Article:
Thirteenth century Persian poet, Rumi, said, “The wound is the place where the Light enters you.” The band Roman Candle sings, “Come tell me something, any words are fine…let me know if the big light is shining on me.” Rock bottom is usually where people finally allow others to help them. The vulnerability that comes with grief, loss, or injury can actually be the thing that allows light, love, and healing to enter. When you get to that point where you can no longer keep a stiff upper lip, you either shut everything out and sit alone in your depression or risk letting something in, knowing that even if it is good, it will still hurt at first. And because it hurts, it’s really tempting to close yourself off again because, let’s be honest, you’ve had enough pain for a lifetime already.
But friend, I beg you to grit your teeth and bear the initial sting because it will get better. A sharp pain for a short time that leads to long-term healing is better than a deep ache that never ends. So let people love you. Speak the name you don’t dare say for fear that it will rip your heart in half all over again. Talk about your grief, and hear others well when they say, “Yep. Me too.” Feed yourself good things – good words, good music, good food, good relationships, good touch. Be kind to yourself.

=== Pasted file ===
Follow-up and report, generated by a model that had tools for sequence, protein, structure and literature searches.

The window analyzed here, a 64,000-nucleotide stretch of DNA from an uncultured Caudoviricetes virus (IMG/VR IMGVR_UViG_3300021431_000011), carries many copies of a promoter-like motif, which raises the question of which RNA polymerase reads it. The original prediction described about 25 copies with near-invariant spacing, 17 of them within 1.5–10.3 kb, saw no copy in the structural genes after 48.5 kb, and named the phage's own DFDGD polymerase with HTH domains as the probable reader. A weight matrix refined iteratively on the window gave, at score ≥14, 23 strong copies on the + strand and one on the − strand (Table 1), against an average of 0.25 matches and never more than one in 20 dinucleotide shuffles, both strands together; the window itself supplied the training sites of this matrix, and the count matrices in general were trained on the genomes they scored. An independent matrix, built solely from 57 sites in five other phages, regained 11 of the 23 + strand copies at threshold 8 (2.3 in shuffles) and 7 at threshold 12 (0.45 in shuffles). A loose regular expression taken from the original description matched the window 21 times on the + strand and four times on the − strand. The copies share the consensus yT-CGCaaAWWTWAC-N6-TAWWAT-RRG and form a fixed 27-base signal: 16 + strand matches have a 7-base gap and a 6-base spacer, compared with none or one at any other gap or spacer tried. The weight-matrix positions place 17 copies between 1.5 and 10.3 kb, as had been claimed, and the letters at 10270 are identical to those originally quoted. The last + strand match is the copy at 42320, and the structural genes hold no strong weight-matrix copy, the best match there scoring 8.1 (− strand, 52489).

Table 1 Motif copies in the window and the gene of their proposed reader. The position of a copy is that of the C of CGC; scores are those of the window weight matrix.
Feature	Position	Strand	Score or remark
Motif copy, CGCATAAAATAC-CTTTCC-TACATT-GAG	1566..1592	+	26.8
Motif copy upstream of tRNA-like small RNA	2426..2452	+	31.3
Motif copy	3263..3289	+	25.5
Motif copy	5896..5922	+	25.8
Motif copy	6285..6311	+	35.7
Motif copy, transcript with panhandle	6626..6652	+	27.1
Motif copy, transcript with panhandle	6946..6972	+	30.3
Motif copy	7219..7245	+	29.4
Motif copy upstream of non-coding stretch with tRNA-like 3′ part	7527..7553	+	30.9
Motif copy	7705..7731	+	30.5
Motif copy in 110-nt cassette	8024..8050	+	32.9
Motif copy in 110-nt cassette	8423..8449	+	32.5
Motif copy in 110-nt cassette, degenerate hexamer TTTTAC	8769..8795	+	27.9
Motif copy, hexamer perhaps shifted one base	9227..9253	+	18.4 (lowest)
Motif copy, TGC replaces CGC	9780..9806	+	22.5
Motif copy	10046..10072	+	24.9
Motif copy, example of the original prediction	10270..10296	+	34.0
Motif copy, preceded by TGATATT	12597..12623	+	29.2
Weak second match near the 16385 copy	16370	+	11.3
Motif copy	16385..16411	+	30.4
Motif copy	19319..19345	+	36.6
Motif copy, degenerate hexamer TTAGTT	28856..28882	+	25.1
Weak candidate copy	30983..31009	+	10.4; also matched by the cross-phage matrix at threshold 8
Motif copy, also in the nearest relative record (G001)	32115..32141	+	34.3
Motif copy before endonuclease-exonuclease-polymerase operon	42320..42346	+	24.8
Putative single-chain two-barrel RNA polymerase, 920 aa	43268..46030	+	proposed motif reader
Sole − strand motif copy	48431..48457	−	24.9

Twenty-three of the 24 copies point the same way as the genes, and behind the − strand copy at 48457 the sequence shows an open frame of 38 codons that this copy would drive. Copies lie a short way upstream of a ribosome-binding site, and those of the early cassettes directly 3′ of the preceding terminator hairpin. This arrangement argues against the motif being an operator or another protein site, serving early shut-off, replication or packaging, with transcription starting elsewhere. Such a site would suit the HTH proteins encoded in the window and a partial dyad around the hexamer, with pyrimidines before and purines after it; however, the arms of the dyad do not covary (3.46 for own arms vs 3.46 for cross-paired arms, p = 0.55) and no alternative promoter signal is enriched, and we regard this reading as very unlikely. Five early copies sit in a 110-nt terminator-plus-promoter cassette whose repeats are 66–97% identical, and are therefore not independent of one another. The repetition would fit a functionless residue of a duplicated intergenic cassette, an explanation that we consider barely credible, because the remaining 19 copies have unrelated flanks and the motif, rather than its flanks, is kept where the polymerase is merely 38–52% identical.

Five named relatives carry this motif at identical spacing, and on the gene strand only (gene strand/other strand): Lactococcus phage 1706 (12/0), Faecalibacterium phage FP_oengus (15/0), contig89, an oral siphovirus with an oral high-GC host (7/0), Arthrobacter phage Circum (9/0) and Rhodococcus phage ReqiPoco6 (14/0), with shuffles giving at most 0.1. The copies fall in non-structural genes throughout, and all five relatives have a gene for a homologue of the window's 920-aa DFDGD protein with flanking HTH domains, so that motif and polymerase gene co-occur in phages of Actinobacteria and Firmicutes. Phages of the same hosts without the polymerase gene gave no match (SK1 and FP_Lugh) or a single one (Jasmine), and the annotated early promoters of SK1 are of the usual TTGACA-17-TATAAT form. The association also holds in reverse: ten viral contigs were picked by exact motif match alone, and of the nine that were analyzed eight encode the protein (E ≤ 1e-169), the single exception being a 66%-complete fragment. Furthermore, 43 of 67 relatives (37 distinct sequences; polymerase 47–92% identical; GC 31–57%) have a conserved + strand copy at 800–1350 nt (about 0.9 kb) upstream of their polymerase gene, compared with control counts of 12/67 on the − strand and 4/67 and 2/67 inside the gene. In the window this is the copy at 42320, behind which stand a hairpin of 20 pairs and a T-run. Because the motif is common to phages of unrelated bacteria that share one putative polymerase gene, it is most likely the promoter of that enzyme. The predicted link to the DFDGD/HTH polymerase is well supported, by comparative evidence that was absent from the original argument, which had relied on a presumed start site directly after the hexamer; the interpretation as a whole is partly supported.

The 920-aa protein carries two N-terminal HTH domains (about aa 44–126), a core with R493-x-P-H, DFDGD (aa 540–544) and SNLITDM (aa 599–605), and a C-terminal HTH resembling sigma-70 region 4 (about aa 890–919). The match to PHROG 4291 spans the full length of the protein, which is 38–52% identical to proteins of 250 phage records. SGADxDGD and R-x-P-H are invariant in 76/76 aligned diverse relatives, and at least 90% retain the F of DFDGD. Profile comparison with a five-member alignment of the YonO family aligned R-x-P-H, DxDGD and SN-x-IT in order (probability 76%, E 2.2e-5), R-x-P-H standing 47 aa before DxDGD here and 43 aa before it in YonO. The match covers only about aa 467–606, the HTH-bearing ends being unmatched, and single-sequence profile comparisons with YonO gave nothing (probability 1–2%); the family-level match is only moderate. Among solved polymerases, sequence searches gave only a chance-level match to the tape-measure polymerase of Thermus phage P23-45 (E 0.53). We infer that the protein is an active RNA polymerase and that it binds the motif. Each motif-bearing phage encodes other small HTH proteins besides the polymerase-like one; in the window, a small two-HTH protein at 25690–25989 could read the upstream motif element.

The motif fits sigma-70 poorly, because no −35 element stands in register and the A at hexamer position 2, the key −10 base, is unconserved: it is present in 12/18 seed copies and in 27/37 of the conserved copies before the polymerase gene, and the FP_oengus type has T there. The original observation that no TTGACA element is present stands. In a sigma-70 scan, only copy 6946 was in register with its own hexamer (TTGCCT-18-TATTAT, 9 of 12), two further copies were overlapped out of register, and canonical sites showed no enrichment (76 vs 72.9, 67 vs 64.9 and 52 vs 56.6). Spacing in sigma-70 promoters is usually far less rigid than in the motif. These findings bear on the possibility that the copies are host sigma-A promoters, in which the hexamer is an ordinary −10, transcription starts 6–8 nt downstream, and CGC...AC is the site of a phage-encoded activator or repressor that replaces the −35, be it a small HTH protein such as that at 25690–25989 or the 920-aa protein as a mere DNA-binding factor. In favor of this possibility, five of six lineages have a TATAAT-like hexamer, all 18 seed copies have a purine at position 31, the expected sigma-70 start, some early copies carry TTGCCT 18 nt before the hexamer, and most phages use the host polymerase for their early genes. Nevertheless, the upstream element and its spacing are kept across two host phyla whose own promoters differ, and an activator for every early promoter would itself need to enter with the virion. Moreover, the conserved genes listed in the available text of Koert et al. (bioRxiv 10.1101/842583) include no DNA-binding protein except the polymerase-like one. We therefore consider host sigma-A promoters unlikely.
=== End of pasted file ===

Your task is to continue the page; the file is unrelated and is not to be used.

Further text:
I know being kind to yourself sounds both like common sense and like an impossible task all at once sometimes. If you’re having trouble with it, here are some suggestions:
- Listen to a good album.
- Take a hot bath or shower.
- Eat something delicious.
- Take a nap.
- Hug somebody.
- Do some light exercise (or heavy if that’s what you need, but the goal is to be kind to yourself, not punish yourself).
- Get outside, and breathe deeply.
- Read a good book.
- Play a game.
- Watch a comedy.
- Enjoy a hot cup of something (coffee/tea/hot chocolate).
- Go swimming, and just float.
Let the light in, friends. Don’t let the darkness permeate every space inside you. The darkness gets to a point where it feels comfortable, but it’s killing you. The light hurts for a moment, but it is the only way to really live.